Born not long after the turn of the 20th Century, American jazz tenor saxophonist Ben Webster was an early pioneer who made is mark on some of the most important albums in history. In this article we look through 10 of the best…
Benjamin Francis Webster was born in Kansas City, Missouri on March 27th 1909 – incidentally, the same year as fellow saxophone great Lester Young and just five years after his future inspiration Coleman Hawkins.
As with many famous saxophone players of that era, he started out with classical music (learning violin and piano) before being inspired to switch to jazz; in this case, via Pete Johnson – a renowned local pianist who taught him to play Blues and Boogie Woogie.
By 1928, he was making money in the world of silent movies and it was whilst working in Amarillo, Texas, he met Budd Johnson who taught him how to play the alto saxophone.
Two years down the line and he was out of Amarillo, playing sax with Gene Coy’s Happy Black Aces.
After commenting that he “couldn’t express myself on alto” the bandleader bought Webster a tenor saxophone which he immediately took to. The rest, as they say, is history!
Ben Webster would go on to play with a range of leading bandleaders in the 1930s and 40s including Teddy Wilson, Fletcher Henderson, Cab Calloway and, most famously, Duke Ellington.
Although he later fell out with Ellington, he still played the composers tracks throughout his career.
King of Tenors
With such a vibrant career as a sideman, it was relatively late before Ben Webster released his debut album under his own name.
Cut in 1953 New York for the Norgran label, it was originally released as “The Consummate Artistry of Ben Webster”.
The band’s lineup included Benny Carter on alto sax, Harry Edison on trumpet, pianist Oscar Peterson, Ray Brown in charge of the double bass, Herb Ellis on guitar duties; and Alvin Stoller on drums.
It received some top reviews for Webster’s musicianship and the overall sound.
This album was actually re-released on the famed Verve label in 1957 when it became known as ‘King of Tenors” – this title has stuck ever since.
Two years passed before Webster’s next record, entitled “Music For Loving”. Again, this was re-issued by Verve in ’57 and named “Sophisticated Lady”.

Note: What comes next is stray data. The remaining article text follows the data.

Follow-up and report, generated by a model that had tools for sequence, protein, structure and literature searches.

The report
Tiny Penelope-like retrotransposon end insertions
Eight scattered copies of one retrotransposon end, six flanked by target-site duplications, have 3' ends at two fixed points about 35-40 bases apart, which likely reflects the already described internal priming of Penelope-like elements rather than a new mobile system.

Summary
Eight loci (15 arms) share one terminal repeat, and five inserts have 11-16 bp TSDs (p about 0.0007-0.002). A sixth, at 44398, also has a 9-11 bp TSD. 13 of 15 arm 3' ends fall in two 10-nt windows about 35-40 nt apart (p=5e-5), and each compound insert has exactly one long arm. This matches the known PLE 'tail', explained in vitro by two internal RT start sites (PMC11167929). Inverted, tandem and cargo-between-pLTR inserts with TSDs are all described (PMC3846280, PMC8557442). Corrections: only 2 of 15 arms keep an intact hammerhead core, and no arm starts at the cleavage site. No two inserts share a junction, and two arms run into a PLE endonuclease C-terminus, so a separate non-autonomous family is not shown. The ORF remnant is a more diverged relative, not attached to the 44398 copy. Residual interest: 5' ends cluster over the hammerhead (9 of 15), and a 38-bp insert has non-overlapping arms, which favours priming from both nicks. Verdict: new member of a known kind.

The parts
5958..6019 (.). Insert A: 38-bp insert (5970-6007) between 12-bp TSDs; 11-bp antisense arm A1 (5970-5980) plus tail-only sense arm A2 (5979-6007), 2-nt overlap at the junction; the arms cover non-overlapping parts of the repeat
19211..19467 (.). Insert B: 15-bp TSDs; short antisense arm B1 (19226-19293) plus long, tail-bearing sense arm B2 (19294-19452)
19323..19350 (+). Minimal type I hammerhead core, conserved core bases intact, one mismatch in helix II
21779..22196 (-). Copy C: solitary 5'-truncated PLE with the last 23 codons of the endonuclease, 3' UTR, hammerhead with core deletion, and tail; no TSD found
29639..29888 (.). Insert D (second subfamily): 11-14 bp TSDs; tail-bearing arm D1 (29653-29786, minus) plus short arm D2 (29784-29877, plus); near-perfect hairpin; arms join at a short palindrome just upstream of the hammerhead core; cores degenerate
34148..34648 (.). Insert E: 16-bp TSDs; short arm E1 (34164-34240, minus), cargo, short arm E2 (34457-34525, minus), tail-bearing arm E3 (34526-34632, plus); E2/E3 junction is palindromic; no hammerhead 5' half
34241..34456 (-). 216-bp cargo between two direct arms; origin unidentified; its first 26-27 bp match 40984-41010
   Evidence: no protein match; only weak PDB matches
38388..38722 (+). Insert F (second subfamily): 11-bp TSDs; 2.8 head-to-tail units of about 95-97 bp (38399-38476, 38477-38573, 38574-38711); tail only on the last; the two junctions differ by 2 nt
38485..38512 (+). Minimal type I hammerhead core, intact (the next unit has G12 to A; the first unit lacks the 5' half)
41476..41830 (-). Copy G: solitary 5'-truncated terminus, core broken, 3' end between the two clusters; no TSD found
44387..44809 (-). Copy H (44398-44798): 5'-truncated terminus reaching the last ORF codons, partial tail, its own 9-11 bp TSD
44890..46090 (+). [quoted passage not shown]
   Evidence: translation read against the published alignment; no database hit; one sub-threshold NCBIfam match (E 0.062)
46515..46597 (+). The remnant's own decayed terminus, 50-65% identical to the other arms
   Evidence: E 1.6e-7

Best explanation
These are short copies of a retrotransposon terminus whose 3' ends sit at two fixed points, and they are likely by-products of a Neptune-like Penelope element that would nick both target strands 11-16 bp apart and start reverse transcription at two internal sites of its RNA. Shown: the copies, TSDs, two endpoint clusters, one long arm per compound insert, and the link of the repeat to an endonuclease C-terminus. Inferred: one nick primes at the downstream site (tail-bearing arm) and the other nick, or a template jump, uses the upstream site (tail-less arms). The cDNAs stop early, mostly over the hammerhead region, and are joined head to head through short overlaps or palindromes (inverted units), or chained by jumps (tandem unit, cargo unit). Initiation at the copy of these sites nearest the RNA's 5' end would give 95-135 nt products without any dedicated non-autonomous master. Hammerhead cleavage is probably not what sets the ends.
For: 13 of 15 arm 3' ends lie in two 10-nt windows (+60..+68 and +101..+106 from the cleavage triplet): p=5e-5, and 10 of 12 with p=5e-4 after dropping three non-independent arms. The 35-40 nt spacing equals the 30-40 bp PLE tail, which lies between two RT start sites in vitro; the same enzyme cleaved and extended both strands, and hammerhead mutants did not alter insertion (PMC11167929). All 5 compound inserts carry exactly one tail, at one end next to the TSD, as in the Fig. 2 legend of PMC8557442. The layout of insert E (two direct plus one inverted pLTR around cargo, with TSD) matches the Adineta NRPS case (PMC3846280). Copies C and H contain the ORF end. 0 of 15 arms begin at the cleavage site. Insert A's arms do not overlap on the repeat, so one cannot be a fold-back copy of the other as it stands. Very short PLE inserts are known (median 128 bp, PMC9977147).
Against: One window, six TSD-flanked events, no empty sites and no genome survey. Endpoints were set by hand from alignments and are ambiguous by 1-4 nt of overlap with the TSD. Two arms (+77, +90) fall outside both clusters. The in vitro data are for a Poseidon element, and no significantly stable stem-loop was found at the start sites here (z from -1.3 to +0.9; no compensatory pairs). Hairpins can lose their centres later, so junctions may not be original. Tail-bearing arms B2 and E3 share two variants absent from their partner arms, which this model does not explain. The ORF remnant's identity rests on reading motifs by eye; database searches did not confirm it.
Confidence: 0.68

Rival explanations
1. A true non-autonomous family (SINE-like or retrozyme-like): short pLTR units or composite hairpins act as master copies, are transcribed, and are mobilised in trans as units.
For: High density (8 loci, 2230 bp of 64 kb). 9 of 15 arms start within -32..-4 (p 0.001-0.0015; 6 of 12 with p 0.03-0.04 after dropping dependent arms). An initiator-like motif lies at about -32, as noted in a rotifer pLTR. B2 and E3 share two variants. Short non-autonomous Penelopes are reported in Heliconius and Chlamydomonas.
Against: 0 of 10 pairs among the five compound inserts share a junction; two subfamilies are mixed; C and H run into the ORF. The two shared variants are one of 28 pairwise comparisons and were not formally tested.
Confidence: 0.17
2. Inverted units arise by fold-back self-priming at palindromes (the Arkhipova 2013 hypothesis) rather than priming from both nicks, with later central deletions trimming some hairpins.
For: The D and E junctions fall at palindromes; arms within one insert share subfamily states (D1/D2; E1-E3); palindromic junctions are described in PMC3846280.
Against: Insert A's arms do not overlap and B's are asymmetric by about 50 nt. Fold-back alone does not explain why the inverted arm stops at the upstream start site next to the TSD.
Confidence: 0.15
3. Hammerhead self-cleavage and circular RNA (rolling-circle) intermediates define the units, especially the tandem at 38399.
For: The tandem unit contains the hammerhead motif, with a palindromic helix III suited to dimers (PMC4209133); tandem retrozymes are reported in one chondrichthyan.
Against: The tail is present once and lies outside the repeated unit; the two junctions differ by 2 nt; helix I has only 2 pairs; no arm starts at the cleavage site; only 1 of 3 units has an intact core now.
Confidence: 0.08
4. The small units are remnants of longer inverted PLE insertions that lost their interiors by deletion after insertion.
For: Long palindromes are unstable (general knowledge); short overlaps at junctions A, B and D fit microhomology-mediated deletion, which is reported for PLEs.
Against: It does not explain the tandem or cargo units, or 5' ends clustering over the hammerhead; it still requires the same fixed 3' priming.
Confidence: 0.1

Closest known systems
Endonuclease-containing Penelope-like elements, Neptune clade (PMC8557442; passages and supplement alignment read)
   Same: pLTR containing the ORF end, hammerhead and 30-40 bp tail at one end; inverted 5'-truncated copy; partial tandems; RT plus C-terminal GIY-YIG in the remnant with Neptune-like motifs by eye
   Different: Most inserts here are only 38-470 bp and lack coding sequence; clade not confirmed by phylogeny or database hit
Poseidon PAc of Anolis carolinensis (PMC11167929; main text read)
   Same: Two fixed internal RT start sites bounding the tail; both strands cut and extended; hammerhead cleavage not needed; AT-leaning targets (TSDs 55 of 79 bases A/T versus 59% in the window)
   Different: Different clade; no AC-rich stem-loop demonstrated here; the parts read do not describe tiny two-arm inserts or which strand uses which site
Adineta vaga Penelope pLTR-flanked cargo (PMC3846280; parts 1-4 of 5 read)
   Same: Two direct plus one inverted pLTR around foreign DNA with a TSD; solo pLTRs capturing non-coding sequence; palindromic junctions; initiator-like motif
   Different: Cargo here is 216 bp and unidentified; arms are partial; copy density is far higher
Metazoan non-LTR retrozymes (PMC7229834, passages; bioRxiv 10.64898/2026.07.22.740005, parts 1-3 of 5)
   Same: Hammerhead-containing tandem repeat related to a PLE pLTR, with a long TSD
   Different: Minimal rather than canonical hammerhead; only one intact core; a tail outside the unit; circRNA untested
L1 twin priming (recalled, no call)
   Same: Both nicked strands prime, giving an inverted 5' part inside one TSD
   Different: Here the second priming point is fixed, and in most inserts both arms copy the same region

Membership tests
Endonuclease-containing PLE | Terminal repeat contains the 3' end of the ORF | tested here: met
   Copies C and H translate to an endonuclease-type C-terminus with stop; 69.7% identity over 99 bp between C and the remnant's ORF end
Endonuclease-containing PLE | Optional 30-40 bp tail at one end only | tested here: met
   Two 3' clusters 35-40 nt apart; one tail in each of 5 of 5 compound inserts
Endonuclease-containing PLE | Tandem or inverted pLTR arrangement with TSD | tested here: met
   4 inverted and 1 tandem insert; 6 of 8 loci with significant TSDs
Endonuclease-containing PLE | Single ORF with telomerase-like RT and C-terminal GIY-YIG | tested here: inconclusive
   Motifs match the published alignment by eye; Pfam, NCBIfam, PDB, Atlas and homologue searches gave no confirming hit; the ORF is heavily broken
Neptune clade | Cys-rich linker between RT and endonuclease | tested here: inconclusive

The original was arranged by Duke Ellington’s collaborator and friend, Billy Strayhorn.
Again favourable reviews lauded Webster’s playing as the gem on this record; no wonder it was later ranked #2 in Colin Larkin’s list of the 50 most overlooked jazz albums of all time.
Ben Webster Meets Oscar Peterson
By 1959, Webster was with Verve Records and had become somewhat of a living legend.
On this outing he was once more backed by the Oscar Peterson Trio made up of the great pianist and his colleagues, bassist Ray Brown and drummer Ed Thigpen.
Tracks on this album include “This Can’t be Love” and “In The Wee Small Hours Of The Morning”.
Those in the know say this is one of the tenor horn player’s finest recordings.
Ben Webster & Johnny Hodges: The Complete 1960 Sextet Jazz Cellar Session
These cats were really strutting their stuff by 1960.
Ben Webster and Johnny Hodges had been close buddies since playing together in the Duke Ellington Orchestra back in the 1930s and it really shows in their playing; I suppose this is to be expected with the finest tenor sax and the greatest alto horn player of the time making a record together.
The album recording was split into two part, with 12 tracks made at San Francisco’s Jazz Cellar in San Francisco and the final five in Los Angeles.
Notable musicians on this 17 track masterpiece included two further Ellington elite members Ray Nance on trumpet and Lawrence Brown on the trombone, along with Herb Ellis on guitar, Gus Johnson on drums, and Lou Levy on the piano.
This has to be one of the greatest jazz albums of all time – listen to it if you can all in one go for a great experience.
A switch of record label in 1963 to Riverside and a change of pianist to then upcoming Joe Zawinul brought about another brilliant recording.